In honor of the anniversaries on campus — the 50th anniversary of the BCC, 50th anniversary of the Black Studies Program, and 25th anniversary of the Chester Children’s Chorus — the college is Celebrating Black Excellence through programming for this year. The Phoenix, in addition to event coverage, will be publishing features of students on campus who embody Black Excellence in the many forms it takes.
Alexandria Rensing ’21 is a Physics major and Computer Science minor interested in expanding and diversifying the field of STEM and the campus as a whole. In her time at Swarthmore, she has been involved in activities and jobs geared toward this interest, such as being a Physics grader, a math coach for the Chester Children’s Chorus, a research assistant in Professor Hilary Smith’s lab, and a Multicultural Recruitment Intern for the Admissions Office.
Since Rensing has been at Swarthmore, she has noticed the lack of diversity on the campus. She uses her platform as an MRI to make steps towards rectifying it.
“I chose to work as a multicultural recruitment intern, because I just think it’d be nice if Swarthmore could get more diversity on this campus,” said Rensing. “The main thing I’m concerned with is diversity in STEM. It is one of the more lacking subjects in diversity, not just for Black students, but everyone because it’s pretty much the same type of people everywhere. I don’t just focus on STEM, I focus on all grounds.”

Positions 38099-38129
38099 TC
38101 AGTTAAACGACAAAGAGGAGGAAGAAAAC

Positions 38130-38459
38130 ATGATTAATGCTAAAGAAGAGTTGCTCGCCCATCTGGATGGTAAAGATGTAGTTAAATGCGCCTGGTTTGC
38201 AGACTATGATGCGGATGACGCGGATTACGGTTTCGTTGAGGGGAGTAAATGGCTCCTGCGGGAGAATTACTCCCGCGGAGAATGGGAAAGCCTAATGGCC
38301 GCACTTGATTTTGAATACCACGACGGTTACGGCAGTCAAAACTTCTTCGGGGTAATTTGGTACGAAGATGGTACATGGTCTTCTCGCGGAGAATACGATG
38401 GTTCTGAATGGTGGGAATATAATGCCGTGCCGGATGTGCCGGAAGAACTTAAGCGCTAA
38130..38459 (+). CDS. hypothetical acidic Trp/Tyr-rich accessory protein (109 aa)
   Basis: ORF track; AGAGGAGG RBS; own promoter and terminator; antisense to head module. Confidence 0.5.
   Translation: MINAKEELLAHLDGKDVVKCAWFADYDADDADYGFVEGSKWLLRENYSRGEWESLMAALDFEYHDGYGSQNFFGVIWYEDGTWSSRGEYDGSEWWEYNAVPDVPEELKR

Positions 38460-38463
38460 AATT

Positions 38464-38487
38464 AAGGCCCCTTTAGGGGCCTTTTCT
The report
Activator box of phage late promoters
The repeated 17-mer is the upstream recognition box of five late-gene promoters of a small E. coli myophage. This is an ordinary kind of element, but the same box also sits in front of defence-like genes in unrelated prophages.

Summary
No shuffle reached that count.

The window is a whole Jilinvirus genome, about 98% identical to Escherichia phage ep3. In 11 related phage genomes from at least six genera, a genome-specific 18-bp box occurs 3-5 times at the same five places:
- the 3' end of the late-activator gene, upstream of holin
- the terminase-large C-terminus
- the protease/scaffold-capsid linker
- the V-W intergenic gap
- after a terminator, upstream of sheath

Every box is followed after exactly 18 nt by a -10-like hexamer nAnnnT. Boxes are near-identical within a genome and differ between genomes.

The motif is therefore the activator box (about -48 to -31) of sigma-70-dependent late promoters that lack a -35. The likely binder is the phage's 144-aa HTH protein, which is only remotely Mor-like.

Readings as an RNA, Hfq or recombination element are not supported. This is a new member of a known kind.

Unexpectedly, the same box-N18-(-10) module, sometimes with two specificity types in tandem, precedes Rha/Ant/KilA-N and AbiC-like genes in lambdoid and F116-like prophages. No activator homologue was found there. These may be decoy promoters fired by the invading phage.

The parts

Rensing’s attention to diversifying the STEM field comes from being one of the few Black, female students in her major, which she believes that colleges could do more to help.
“So as a physics major, who is a Black woman, it’s pretty uncommon in the physics world. For instance, Swarthmore, just got a Black female professor in the physics department, Professor Cacey Bester. And there’s a couple handful of us running about, but I do think the department, and colleges in general, could do more to recruit young Black physics/just general STEM majors,” said Rensing.
With being one of the few people in her major that looks like her, Rensing feels as though there is a certain level of pressure to be outstanding in these spaces.
“You kind of feel that sometimes, like you have to prove yourself because you’re one of the few people representing your group, so you want to be outstanding. There can be pressure and a lot of imposter syndrome that comes with that especially when you’re not doing great and you think, ‘do I really belong here?’” said Rensing.
In realizing that, Rensing has wanted to take the initiative to make Black physicists and other STEM majors feel welcomed in their departments. However, with not many Black students in these departments, it has proven difficult for her.
“For me, it’d be really cool if there was like, a Black physics or like computer science group. But obviously it’s really hard to make these groups when there’s just not enough people. You have to find five people in the group and I can’t find five,” said Rensing. “I can make these groups, and I can establish them for maybe someone in the future. Maybe there could be more Black physicists if there was a Black group in general. When you’re in these situations like mine, it kind of sucks.”